ESPE Abstracts (2014) 82 P-D-2-3-447

Growth Hormone (2)

Efficacy, Adherence, and Cost Study According to Pathology and Treatment Devices in Children Treated with GHRH

Ignacio Diez-Lopeza, Ainhoa Sarasua-Mirandaa, Miriam Miriam Elizaldea, Isabel Lorente-Blazqueza, Cristina Minguezb & Carlos Martínez-Martínezb


aChildren’s Endocrinology Section, Pediatric Service, Vitoria/Basque Country, Spain; bPharmacy Service, University Hospital of Alava, Vitoria/Basque Country, Spain

Background: Currently there are three distinct groups of GH devices: single dose (JM), preloaded pen/vial (VM) systems and electronic devices (DE) autoinjector systems. The choice could determine a greater or lesser adherence and thus influence the final treatment efficacy.

Objective: Comparison of the therapeutic efficacy as measured by growth rate (VC), IGF1 as a function of various clinical variables, indicating GH and device used.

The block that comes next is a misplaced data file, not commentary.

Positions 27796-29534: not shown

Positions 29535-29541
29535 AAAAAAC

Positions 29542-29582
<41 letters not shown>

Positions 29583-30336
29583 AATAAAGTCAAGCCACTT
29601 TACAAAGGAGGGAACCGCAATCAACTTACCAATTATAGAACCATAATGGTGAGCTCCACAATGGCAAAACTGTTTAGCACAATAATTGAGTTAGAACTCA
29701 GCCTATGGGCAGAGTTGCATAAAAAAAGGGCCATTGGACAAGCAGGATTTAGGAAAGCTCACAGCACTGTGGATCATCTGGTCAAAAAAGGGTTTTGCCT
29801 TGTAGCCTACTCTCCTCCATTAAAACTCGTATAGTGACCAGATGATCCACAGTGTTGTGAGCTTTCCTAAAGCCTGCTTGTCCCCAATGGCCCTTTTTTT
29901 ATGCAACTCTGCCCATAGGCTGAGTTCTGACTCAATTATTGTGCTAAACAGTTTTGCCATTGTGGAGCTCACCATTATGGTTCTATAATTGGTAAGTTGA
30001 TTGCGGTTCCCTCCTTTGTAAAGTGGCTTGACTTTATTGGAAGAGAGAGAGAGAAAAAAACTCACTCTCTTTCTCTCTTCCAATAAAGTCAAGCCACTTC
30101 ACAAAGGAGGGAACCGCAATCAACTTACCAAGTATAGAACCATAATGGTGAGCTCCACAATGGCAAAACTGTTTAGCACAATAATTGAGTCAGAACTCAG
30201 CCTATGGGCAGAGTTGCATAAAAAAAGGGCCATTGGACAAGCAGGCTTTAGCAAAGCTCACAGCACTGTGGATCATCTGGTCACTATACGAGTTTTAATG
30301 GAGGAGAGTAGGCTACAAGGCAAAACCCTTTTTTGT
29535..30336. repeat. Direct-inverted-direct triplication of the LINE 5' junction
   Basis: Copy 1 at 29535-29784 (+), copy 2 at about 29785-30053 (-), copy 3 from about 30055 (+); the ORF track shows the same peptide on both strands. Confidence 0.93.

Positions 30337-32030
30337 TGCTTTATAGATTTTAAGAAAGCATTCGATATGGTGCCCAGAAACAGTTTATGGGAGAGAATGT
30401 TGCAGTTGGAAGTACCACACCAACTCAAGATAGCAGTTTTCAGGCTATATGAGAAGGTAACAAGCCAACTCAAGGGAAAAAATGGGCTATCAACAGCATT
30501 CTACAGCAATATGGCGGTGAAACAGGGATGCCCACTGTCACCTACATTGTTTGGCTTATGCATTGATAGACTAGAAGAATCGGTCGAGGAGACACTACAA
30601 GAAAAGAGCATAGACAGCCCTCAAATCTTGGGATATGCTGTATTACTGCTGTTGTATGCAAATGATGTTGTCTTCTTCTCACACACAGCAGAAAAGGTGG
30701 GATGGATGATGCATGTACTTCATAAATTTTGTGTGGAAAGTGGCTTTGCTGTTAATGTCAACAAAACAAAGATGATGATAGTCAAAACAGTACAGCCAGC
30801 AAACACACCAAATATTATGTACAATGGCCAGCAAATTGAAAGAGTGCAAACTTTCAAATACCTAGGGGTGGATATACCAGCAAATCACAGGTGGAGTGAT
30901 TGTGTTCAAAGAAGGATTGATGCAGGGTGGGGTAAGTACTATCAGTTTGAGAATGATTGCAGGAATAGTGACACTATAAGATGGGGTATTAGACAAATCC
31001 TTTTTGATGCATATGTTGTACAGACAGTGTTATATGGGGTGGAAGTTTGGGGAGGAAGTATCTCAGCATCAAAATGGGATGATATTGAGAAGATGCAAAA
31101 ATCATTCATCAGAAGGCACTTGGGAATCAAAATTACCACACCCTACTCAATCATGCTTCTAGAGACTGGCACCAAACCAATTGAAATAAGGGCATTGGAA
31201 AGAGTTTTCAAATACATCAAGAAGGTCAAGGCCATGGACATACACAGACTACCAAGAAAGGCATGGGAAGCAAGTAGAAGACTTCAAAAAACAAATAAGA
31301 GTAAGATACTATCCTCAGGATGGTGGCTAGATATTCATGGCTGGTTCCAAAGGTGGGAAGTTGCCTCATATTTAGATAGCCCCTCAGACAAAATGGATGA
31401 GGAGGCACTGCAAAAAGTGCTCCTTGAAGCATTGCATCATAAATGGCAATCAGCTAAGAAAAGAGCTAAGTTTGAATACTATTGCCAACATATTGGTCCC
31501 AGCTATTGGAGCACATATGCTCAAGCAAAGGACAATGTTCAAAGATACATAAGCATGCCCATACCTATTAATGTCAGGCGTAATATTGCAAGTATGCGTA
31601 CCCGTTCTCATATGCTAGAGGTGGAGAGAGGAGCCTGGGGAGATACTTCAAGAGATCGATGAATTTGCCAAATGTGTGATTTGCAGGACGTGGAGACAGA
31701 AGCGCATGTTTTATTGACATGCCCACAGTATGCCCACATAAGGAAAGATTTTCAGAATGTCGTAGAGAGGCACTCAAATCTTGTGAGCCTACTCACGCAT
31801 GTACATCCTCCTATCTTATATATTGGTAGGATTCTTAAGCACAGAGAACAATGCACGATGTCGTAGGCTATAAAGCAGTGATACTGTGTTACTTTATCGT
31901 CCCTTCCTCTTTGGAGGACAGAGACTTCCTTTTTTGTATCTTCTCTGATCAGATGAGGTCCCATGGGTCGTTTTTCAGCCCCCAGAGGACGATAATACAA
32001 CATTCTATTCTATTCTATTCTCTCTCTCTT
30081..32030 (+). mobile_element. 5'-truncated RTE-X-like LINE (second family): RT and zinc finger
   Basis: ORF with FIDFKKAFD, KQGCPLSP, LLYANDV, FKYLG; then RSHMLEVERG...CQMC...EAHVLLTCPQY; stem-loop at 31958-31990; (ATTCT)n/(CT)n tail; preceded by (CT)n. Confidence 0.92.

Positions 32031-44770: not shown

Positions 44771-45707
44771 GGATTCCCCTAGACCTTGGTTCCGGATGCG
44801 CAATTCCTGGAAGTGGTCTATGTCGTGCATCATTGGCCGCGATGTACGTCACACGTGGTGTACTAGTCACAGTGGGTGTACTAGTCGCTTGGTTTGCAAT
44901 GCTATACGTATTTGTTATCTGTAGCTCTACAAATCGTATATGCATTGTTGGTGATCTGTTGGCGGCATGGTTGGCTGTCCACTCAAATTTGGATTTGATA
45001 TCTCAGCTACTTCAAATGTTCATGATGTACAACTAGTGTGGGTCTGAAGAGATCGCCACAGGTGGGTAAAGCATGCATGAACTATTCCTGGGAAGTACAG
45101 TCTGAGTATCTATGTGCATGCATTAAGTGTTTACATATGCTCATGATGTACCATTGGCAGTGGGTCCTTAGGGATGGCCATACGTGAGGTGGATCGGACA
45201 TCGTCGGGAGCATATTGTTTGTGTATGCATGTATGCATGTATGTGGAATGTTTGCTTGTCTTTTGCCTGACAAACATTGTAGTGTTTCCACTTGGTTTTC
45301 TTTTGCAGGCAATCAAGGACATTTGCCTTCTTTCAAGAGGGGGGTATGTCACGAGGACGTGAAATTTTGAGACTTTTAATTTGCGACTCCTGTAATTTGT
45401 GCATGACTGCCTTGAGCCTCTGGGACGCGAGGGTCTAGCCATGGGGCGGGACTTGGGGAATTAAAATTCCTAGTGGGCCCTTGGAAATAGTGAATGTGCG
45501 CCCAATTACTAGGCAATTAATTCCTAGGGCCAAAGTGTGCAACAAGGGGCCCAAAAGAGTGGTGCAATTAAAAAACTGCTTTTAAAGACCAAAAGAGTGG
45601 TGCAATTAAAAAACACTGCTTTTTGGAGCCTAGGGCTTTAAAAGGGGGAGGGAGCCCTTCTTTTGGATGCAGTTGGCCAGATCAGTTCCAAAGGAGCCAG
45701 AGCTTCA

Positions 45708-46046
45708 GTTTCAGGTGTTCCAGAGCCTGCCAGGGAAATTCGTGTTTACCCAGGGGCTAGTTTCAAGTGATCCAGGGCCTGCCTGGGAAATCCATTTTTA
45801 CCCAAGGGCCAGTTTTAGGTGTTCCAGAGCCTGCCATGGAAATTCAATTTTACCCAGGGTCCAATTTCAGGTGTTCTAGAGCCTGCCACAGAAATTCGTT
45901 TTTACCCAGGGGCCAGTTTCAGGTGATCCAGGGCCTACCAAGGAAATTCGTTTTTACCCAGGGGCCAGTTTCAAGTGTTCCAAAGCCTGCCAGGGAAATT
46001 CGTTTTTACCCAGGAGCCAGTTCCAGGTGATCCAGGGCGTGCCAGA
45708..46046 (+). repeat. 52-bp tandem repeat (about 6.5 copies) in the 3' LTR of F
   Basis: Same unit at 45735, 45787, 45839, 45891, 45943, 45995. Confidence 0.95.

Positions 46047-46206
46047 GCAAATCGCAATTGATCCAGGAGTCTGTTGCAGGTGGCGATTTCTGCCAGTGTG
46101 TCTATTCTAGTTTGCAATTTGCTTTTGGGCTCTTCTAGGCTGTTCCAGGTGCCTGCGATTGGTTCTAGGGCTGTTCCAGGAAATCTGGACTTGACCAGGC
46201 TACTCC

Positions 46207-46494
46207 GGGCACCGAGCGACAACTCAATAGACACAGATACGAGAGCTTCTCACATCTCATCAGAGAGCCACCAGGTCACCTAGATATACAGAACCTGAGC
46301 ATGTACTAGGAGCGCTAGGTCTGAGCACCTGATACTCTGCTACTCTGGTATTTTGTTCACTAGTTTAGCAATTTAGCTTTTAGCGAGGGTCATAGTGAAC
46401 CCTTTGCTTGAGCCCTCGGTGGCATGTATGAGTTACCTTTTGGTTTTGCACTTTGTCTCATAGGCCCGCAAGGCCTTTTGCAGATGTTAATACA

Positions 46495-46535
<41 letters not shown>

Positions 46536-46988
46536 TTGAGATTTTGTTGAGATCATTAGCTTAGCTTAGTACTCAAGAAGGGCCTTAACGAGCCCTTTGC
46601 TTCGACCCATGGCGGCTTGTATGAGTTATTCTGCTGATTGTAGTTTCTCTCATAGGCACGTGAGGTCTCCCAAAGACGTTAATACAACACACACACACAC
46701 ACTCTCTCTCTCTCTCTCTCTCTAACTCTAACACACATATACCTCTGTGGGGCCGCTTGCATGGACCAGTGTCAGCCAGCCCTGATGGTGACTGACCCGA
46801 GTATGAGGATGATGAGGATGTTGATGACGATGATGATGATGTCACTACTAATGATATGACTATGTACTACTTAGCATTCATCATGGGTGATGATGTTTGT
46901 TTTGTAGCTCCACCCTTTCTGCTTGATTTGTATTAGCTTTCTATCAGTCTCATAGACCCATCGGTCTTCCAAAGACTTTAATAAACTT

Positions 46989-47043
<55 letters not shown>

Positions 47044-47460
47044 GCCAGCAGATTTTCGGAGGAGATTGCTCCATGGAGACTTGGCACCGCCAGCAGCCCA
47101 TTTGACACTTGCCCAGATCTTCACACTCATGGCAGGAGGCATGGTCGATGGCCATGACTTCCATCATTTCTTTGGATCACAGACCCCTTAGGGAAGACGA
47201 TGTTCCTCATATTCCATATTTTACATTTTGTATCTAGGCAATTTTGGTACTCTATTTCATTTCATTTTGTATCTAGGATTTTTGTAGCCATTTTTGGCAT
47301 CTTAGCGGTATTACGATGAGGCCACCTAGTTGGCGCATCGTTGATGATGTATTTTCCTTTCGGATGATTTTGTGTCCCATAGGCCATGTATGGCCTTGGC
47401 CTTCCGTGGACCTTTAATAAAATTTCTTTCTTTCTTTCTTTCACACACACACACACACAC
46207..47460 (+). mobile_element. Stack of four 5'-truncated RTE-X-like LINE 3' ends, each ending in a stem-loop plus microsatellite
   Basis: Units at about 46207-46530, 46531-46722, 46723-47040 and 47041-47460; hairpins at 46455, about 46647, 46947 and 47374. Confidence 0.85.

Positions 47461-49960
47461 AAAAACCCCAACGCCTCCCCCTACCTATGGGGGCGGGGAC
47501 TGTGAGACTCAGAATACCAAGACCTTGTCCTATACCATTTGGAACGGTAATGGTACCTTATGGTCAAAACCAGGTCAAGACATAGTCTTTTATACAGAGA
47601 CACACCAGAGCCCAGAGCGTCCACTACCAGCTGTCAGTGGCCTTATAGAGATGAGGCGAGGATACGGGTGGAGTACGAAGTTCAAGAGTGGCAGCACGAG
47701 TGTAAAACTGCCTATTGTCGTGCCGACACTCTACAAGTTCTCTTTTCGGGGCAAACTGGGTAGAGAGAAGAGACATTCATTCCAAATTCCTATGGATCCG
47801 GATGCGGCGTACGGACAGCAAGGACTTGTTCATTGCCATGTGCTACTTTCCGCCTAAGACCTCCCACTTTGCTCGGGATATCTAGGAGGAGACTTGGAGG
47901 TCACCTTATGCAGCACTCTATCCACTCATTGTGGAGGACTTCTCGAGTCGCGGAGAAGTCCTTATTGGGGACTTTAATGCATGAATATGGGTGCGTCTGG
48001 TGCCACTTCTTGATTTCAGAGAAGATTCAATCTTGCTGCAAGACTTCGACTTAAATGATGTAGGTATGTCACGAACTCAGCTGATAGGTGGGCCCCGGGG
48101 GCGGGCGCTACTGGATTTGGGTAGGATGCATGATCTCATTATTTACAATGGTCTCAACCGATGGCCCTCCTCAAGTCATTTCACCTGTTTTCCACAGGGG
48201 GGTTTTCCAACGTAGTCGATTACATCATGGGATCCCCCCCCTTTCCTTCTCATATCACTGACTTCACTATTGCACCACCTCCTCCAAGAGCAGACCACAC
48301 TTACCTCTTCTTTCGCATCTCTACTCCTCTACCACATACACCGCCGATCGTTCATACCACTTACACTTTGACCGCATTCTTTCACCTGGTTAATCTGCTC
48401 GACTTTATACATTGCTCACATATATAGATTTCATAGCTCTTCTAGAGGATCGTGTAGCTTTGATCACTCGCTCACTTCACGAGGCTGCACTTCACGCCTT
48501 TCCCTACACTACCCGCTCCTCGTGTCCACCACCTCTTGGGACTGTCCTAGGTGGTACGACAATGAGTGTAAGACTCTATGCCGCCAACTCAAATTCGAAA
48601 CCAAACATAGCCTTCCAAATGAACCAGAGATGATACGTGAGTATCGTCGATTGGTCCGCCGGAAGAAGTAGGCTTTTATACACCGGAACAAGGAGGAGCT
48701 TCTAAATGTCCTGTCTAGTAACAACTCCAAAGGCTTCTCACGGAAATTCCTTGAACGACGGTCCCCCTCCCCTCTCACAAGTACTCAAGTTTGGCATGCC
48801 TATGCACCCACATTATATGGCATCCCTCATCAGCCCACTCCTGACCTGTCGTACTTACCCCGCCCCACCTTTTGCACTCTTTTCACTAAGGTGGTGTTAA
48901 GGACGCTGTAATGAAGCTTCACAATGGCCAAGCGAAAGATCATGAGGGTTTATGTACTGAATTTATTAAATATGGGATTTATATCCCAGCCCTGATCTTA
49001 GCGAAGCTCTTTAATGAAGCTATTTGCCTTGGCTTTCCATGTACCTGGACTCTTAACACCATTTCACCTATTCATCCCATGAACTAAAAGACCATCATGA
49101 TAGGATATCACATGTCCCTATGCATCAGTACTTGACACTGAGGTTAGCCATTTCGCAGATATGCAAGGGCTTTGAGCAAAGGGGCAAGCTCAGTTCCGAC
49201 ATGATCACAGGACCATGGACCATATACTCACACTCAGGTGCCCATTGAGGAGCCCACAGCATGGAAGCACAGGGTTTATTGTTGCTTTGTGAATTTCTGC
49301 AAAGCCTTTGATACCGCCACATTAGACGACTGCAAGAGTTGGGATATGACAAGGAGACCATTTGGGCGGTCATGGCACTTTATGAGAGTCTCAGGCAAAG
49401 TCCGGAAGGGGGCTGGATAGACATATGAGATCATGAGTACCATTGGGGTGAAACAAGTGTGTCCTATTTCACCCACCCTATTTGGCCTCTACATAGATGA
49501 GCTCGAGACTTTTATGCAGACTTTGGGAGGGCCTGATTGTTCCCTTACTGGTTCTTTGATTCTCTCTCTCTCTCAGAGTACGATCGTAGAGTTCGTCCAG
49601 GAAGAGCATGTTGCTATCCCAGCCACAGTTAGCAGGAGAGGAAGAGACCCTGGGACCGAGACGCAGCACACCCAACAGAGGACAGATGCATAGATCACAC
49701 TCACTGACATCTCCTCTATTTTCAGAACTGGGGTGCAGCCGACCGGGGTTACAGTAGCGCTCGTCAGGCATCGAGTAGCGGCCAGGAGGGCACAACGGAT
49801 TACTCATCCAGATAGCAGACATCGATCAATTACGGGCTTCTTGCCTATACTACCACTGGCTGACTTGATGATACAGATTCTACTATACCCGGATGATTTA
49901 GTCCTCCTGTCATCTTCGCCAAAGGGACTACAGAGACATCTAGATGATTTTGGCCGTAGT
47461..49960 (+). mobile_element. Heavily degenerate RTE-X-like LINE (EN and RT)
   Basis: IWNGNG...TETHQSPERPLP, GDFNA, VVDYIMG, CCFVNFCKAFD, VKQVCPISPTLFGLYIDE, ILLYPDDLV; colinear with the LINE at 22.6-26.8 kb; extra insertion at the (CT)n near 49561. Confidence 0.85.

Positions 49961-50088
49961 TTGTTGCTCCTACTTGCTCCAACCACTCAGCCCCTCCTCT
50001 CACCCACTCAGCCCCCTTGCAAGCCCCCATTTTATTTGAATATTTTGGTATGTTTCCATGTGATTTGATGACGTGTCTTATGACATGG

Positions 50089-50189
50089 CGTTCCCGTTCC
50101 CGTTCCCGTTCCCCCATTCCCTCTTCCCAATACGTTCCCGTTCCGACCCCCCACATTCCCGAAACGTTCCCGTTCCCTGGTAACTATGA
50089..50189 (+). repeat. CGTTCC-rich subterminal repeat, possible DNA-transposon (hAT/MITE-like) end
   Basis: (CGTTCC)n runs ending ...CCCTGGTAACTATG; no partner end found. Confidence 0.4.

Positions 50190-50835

Method: Observational study retroprospective from comparative clinical registry, analytical control, and pharmaceutical data base regarding prescribed dispensed mg: single dose (JM) vs multidose vials (VM) vs electronic devices (DE). One year study 2012 (full 12 months).

Results: 86 patients enrolled, of which 86 (100%) were valid. 46/86 (50%) girls. Mean age 9.97 years (4–16). Pubescent 56/86 (65%). Deficit partial/total 50/86 (58%), PEG 17/86 (19%) Turner 4/86 (5%), dysfunction/inactive GH 13/86 (15%) and other 2/65 (3%) (JM Global distribution: 38/86 (44%), VM: 22/86 (26%) OF: 26/86 (30%) of 12 patients collected less medication (14%) and of these three were noncompliant (3.5%). Although the final expenditure is lower in mg JM, the distribution of collecting less medication and defaulting is similar in each device group, slightly higher in the group of partial/total deficit (16 vs 5%) and pubertal (15 vs 4%), and equal in both sexes. The VC and IGF1 was significantly lower in the non-adherent. The number of patients collected less medication is distributed evenly across each of the subgroups.

Conclusion: The use of different devices does not seem to influence compliance, time with treatment (pubescent and deficit), and patient autonomy (puberty).

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